Parma (Italy), May 26, 2017 – Today Parma hosts the 13th edition of the Respiration Day, an international conference dedicated to respiratory diseases and organised by the University of Parma with the support of Chiesi Foundation. This year topic is: "Breakthroughs in Basic and Clinical Research in Chronic Respiratory Disease”. More than 700 clinicians and researchers from all over the world are attending and prominent representatives of the international scientific community are gathered to discuss new scenarios in the field of respiratory diseases. The main focus of the conference is chronic obstructive pulmonary disease (COPD), a progressive disease estimated to affect more than 380 million people worldwide, and a major cause of mortality and disability.
"COPD is a respiratory disease characterized by airway inflammation that results in structural changes that cause airway obstruction and difficult breathing", explains Leonardo M. Fabbri, former Professor of Respiratory and Internal Medicine at the University of Modena and Reggio Emilia and Visiting Professor of Respiratory and Internal Medicine at the Universities of Ferrara and Gothenburg, and one of the Conference Chairs. “It makes breathing difficult – continues Fabbri – and it is an invalidating disease with an enormous impact on daily activities, such as taking a leisurely walk to the bakery for bread or even personal hygiene. The clinical picture of a patient with COPD may worsen suddenly due to the onset of acute episodes called exacerbations: a 'step down' in health status, after which the recovery of symptoms and lung function becomes more prolonged and difficult, sometimes impossible. The phenomenon of co-morbidity is also emerging: COPD is increasingly regarded as a systemic disease and we now know that it rarely strikes alone. A diagnosis of COPD should alert the clinician, because it is often a red flag for other chronic conditions that need to be treated properly".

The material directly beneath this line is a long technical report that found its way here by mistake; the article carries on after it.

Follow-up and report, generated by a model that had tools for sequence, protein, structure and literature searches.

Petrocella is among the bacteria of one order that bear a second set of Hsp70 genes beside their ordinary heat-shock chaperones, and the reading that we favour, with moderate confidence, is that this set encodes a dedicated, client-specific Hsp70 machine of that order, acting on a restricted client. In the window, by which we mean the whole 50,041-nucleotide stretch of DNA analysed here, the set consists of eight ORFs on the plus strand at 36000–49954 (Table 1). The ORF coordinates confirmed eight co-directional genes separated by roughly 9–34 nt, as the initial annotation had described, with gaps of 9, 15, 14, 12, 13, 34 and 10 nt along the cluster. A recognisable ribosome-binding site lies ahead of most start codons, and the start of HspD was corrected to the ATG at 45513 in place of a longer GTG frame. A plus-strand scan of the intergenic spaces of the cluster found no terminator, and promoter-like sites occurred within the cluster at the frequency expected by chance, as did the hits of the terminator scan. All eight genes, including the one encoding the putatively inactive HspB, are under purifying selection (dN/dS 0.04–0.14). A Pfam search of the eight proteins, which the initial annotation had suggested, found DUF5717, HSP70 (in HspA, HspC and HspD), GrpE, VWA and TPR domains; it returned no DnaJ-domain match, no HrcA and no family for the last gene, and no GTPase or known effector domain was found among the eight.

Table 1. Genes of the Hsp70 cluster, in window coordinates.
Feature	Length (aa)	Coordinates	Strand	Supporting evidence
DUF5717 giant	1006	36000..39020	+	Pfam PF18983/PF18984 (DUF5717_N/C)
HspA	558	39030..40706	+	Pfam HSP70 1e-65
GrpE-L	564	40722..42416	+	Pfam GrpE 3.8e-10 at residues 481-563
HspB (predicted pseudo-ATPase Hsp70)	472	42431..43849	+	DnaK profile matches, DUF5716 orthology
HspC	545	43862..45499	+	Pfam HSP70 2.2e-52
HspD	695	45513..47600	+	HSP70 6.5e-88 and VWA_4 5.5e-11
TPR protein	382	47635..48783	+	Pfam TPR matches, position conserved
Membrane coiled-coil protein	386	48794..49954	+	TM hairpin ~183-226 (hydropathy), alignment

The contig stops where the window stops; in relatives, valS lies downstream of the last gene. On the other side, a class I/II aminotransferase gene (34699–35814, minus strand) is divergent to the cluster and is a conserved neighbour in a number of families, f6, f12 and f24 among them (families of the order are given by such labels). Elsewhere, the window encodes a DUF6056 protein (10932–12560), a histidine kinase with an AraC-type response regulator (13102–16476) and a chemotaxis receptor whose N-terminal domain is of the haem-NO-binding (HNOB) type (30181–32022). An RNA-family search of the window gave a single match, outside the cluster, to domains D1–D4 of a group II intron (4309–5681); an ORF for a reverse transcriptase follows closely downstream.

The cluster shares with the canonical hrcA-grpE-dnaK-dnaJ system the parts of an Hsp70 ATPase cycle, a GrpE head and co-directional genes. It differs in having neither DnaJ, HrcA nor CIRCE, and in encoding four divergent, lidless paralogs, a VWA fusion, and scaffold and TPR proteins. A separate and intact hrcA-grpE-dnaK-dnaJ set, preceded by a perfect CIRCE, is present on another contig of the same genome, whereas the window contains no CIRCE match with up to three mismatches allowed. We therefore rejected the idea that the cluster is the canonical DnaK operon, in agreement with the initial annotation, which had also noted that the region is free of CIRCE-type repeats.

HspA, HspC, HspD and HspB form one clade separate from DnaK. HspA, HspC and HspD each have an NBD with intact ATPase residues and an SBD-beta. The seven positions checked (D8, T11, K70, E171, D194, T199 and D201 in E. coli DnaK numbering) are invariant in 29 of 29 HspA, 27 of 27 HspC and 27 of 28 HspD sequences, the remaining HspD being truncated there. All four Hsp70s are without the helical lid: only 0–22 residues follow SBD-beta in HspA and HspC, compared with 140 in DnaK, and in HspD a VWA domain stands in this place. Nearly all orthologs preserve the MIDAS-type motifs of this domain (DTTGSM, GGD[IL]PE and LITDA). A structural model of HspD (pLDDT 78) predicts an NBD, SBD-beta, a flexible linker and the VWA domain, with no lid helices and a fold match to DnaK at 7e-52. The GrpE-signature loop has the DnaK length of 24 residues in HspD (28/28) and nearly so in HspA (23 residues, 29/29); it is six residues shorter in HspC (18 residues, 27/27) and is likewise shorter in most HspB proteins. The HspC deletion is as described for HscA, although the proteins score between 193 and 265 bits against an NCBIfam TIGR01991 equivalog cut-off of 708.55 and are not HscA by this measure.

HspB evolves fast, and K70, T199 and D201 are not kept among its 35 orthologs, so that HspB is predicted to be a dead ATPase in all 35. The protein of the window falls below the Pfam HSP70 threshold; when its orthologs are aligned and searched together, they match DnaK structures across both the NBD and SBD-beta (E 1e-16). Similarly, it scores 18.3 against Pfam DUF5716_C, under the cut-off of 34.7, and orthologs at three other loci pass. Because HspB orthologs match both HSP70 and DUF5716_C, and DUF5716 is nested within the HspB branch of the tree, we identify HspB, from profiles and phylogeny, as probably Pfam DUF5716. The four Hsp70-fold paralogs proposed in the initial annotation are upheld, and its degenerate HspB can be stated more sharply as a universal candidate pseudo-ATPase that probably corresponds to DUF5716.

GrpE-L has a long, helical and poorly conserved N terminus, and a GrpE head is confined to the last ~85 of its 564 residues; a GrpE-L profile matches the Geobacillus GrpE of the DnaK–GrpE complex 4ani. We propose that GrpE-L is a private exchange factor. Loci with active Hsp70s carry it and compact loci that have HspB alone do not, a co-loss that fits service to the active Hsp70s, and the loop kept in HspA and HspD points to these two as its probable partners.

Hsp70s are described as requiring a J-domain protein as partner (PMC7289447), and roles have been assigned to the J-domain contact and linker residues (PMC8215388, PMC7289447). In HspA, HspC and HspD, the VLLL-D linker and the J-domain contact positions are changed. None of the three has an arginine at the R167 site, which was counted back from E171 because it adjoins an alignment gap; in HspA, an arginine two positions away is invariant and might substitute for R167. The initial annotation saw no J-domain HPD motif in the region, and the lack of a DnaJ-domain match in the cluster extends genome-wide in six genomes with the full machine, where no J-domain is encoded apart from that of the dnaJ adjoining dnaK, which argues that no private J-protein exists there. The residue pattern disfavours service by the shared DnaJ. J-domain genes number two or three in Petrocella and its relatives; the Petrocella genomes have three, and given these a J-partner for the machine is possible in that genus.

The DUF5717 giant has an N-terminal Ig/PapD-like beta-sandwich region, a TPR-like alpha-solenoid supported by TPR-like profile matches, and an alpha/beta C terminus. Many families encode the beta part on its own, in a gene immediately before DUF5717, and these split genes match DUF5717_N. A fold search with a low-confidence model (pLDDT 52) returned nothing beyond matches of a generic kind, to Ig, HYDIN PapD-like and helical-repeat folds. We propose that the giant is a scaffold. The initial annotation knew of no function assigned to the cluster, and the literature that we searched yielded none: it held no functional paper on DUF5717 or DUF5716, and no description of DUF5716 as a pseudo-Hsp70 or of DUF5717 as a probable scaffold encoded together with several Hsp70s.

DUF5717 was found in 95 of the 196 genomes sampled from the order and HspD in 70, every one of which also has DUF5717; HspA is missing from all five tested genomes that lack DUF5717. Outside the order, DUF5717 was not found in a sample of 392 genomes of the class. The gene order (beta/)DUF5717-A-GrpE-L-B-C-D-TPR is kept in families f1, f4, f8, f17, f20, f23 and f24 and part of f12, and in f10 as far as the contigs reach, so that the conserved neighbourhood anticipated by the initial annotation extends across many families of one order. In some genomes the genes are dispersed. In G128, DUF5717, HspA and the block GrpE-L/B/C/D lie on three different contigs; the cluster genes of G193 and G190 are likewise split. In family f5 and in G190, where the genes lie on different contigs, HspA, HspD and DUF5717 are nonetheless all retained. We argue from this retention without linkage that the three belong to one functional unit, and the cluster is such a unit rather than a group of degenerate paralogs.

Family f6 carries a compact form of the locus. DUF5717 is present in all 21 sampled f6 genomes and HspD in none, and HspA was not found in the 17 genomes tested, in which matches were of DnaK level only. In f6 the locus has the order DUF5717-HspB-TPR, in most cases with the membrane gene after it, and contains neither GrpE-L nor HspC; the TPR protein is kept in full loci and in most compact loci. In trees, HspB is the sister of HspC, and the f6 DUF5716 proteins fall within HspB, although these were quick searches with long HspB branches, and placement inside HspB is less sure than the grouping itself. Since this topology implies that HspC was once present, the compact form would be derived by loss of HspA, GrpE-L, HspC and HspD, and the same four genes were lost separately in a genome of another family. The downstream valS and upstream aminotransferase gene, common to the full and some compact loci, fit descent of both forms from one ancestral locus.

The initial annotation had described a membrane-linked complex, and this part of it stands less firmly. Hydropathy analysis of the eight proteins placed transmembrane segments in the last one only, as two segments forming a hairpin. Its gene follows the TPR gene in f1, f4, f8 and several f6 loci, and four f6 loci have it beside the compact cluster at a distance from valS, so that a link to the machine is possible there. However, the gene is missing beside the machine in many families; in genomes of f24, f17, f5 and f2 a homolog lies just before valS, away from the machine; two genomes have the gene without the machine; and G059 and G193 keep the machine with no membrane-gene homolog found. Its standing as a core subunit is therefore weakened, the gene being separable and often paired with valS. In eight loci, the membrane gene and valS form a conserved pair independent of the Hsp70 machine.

One of the main research goals is to slow and modify the course of COPD. "The clinical course of COPD is much more about the development of disabling breathlessness and fatigue, loss of daily functions and progressive loss of quality of life, not least in those experiencing exacerbations of their disease", commented Jørgen Vestbo, Professor of Respiratory Medicine at the University of Manchester during his presentation. "Progressive loss of health status - explained Vestbo - is a characteristic of COPD that may be amenable to therapy. Progressive loss of function can also be reduced and in some cases reverted by combining pulmonary rehabilitation and optimal bronchodilator treatment. Patients with frequent exacerbations which have a marked impact on health status can also be assisted by appropriate medical interventions, increasingly guided by exacerbation phenotyping and biomarkers. Further improvements in characterisation of COPD and COPD exacerbations will enable us to even better tailor therapies that can impact on the clinical course of COPD and truly benefit patients”.
In this context, a major novelty from a therapeutic point of view is Chiesi's triple extrafine fixed-dose therapy, the first to combine three active principles - an inhaled corticosteroid (ICS) anti-inflammatory, a long-acting β2 agonist (LABA) bronchodilator, and a long-acting muscarinic antagonist (LAMA) bronchodilator - in a single inhaler. The benefits with this therapy are its ability to relieve and prevent symptoms such as shortness of breath, wheezing and cough and to reduce exacerbations of COPD symptoms. On May 19th, the European Medicines Agency (EMA)'s Committee for Medicinal Products for Human Use (CHMP) adopted a positive opinion on Chiesi's new triple therapy, which precedes authorization for marketing in the European Union.
Additional benefits of Chiesi's fixed-dose triple therapy is the administration mode and the extrafine formulation. The three active ingredients ICS/LABA/LAMA are administered simultaneously through a single inhaler, facilitating proper drug intake and potentially increasing adherence to therapy; at the same time, the extrafine formulation is able to reach both the large and he small airways of the respiratory tree.